That is heresy. The Son is not the good cop and the Father the bad cop because they are both good and neither one is a cop. This teaching does one of the greatest disservices possible: it makes it almost impossible for a person to fully trust the God and Father of Jesus. How can you trust someone who only yesterday wanted to destroy you?

But the Father and the Son are of one mind. The Son hates sin every bit as much as the Father, and the Father loves sinners every bit as much as the Son. What the Son says, the Father also says. What the Father does, the Son also does. (Remember John 5:19: Whatever the Father does the Son also does.”) There is not and can never be, as St. Anselm put it, any division in the godhead. Or, as Jesus put it: “Anyone who has seen me has seen the Father.”

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Why Bother? The Problem of Prayer

Photo by Amaury Gutierrez on Unsplash

Why should people bother to pray? For many people, both religious and irreligious, this question does not seem to have a satisfactory answer. They still pray when desperate – who doesn’t? – but even then, they can’t see the sense in it. If God already knows everything that is going to happen, if he has already decided what he is going to do, our prayers are irrelevant.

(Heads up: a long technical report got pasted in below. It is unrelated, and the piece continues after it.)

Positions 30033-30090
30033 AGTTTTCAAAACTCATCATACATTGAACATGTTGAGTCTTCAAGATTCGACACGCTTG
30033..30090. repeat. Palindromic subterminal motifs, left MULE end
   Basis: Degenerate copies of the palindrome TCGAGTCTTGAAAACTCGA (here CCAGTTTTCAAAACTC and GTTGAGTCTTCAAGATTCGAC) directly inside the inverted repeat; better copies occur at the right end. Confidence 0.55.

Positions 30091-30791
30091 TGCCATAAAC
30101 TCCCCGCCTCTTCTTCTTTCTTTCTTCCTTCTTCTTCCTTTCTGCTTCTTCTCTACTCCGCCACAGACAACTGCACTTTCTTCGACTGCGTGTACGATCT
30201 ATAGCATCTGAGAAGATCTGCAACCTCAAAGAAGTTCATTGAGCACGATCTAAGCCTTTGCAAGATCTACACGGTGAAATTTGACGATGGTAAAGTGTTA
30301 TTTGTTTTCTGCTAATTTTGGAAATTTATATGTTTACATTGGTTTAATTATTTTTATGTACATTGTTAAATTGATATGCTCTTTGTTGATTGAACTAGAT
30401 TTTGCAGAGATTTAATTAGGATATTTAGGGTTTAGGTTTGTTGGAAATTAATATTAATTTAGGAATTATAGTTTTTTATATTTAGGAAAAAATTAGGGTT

I recently corresponded with an intelligent man who has concluded that “Christian belief is illogical.” One of the reasons for this is that the Christian God “exists outside of time” and so has always known what will occur in every moment within time, effectively making what we call free will impossible. And if free will is impossible, how can the Christian God hold people responsible for their actions and beliefs?

I think there are answers to these questions, or at least there are reasons to question the validity of the questions, but one can immediately see how this understanding of God would undermine prayer. If “what will be, will be,” praying is an exercise in futility.

One way Christians have responded to this problem is to say, “We don’t pray to change what is going to happen but to change ourselves,” but this answer seems quite inadequate. If nothing changes because of our prayers, then, perforce, the person praying does not change either. If prayer can change the person praying, then it can change other things too.

The biblical writers and the people whose stories they told saw other problems to prayer but not this one. They took for granted that their prayers made a difference. If they prayed, something would (or at least, might) happen that would not happen if they did not pray.